Many people with lower back pain caused by spinal disc degeneration need not resort to surgery for relief, according to a research review.

In fact, researchers say, non-invasive treatments — including physical therapy and anti-inflammatory painkillers — should be the first, and often only, measure for most people with the problem.

Spinal discs can be damaged by trauma to the spine, repetitive strain on the back, or the aging process — and these disc problems are a common cause of chronic lower back pain.

Different types of surgery, including replacement of damaged discs, are options for patients with serious pain. However, in most cases, a conservative approach is best, according to the new review, published in the Journal of the American Academy of Orthopedic Surgeons.

About 90 percent of people with lower back pain can expect to recover within three months, even without treatment, say the researchers, and most will have some improvement within six weeks.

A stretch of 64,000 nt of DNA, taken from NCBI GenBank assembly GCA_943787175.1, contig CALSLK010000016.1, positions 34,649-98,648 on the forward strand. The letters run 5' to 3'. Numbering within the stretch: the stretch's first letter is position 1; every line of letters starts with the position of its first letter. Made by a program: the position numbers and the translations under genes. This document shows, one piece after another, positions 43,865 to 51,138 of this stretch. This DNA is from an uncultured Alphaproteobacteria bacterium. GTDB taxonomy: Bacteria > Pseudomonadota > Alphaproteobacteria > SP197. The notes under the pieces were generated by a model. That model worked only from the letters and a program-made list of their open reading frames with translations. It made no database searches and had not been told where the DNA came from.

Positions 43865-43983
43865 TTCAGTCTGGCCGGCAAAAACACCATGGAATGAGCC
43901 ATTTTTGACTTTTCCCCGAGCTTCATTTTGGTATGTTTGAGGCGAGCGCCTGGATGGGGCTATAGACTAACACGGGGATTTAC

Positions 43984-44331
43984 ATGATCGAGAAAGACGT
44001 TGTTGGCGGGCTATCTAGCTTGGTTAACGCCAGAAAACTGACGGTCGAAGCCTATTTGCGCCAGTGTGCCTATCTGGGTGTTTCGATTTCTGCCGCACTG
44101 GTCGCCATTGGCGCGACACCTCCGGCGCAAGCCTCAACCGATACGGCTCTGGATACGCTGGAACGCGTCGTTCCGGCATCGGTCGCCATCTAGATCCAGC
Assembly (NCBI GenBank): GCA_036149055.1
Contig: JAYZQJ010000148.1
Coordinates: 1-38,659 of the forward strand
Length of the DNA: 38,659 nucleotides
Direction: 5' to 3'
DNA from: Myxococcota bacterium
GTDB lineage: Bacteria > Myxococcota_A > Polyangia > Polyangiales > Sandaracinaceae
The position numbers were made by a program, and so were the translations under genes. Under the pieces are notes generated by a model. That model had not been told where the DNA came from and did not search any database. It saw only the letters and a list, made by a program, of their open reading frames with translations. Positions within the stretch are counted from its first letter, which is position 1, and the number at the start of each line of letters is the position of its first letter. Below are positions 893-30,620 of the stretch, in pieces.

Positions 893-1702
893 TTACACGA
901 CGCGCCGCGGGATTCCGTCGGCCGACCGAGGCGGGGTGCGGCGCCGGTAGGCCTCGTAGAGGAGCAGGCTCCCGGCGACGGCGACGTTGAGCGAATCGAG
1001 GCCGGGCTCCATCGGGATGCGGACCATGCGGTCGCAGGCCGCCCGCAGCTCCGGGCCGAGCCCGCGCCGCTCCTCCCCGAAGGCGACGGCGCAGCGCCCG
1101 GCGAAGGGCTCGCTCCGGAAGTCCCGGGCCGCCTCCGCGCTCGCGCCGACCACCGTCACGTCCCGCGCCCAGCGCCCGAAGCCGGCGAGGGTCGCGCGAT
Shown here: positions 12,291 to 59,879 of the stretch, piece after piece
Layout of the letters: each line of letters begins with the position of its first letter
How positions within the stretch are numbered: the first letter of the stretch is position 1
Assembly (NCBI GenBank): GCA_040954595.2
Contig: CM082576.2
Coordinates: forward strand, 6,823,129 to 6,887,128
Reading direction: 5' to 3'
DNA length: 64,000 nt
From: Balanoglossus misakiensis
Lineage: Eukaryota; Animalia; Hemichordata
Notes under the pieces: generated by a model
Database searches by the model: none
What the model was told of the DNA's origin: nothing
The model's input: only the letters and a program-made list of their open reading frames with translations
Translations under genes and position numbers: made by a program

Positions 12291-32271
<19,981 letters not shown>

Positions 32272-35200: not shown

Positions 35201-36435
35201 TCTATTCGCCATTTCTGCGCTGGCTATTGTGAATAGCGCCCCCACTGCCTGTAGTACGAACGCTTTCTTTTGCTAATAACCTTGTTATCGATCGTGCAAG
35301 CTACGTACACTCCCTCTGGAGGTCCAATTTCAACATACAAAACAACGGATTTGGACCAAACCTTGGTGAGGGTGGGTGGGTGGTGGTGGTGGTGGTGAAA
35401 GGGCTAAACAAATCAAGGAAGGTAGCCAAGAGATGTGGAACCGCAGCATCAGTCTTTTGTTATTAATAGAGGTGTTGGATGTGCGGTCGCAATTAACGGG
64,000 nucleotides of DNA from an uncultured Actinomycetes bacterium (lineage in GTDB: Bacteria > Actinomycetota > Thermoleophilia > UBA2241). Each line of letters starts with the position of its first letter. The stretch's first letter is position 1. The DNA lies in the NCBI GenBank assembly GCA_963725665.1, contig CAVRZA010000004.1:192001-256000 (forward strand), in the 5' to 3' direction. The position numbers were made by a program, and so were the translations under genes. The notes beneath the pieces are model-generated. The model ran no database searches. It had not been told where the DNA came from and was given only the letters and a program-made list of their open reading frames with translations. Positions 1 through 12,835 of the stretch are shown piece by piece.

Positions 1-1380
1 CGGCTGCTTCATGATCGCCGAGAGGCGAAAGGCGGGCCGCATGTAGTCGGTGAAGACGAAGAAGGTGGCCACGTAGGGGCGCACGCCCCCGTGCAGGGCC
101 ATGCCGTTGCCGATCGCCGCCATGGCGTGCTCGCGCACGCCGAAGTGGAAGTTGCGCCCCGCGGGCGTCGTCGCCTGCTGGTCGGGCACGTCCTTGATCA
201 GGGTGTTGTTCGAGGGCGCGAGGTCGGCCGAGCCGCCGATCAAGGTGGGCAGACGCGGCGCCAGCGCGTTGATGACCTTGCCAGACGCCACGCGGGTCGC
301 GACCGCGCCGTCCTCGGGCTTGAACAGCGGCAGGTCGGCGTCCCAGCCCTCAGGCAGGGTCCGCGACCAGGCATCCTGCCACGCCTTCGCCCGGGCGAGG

Moreover, there are still questions about the long-term effectiveness of surgery for disc-related back pain.

"Recently, disc replacement surgery has been proposed as a cure or treatment for symptomatic lumbar disc disease," lead researcher Dr. Luke Madigan, of the Knoxville Orthopedic Clinic in Tennessee, said in a written statement.

However, he said, so far studies suggest the surgery is only about as effective as an older technique known as spinal fusion, in which the surgeon joins two or more vertebrae to help stabilize the problematic area of the spine. The success rate with that procedure has been between 50 percent and 60 percent.

The longer-term effectiveness of disc replacements is still unclear. "Long-term outcomes are still to be published and caution should be exercised with their use," Madigan said.

On the other hand, studies suggest that physical therapy, including exercises to strengthen the abdominal muscles and education on how to lift objects safely — using the legs, not the back — often helps people with disc-related back pain.

Similarly, non-steroidal anti-inflammatory drugs, like ibuprofen and naproxen, often bring short-term pain relief.

"Surgery should be the last option," Madigan said, "but too often patients think of surgery as a cure all and are eager to embark on it."

For their part, he added, surgeons should carefully consider each patient's situation and suggest surgery only to those who are "truly likely to benefit from it."

SOURCE: Journal of the American Academy of Orthopedic Surgeons, February 2009.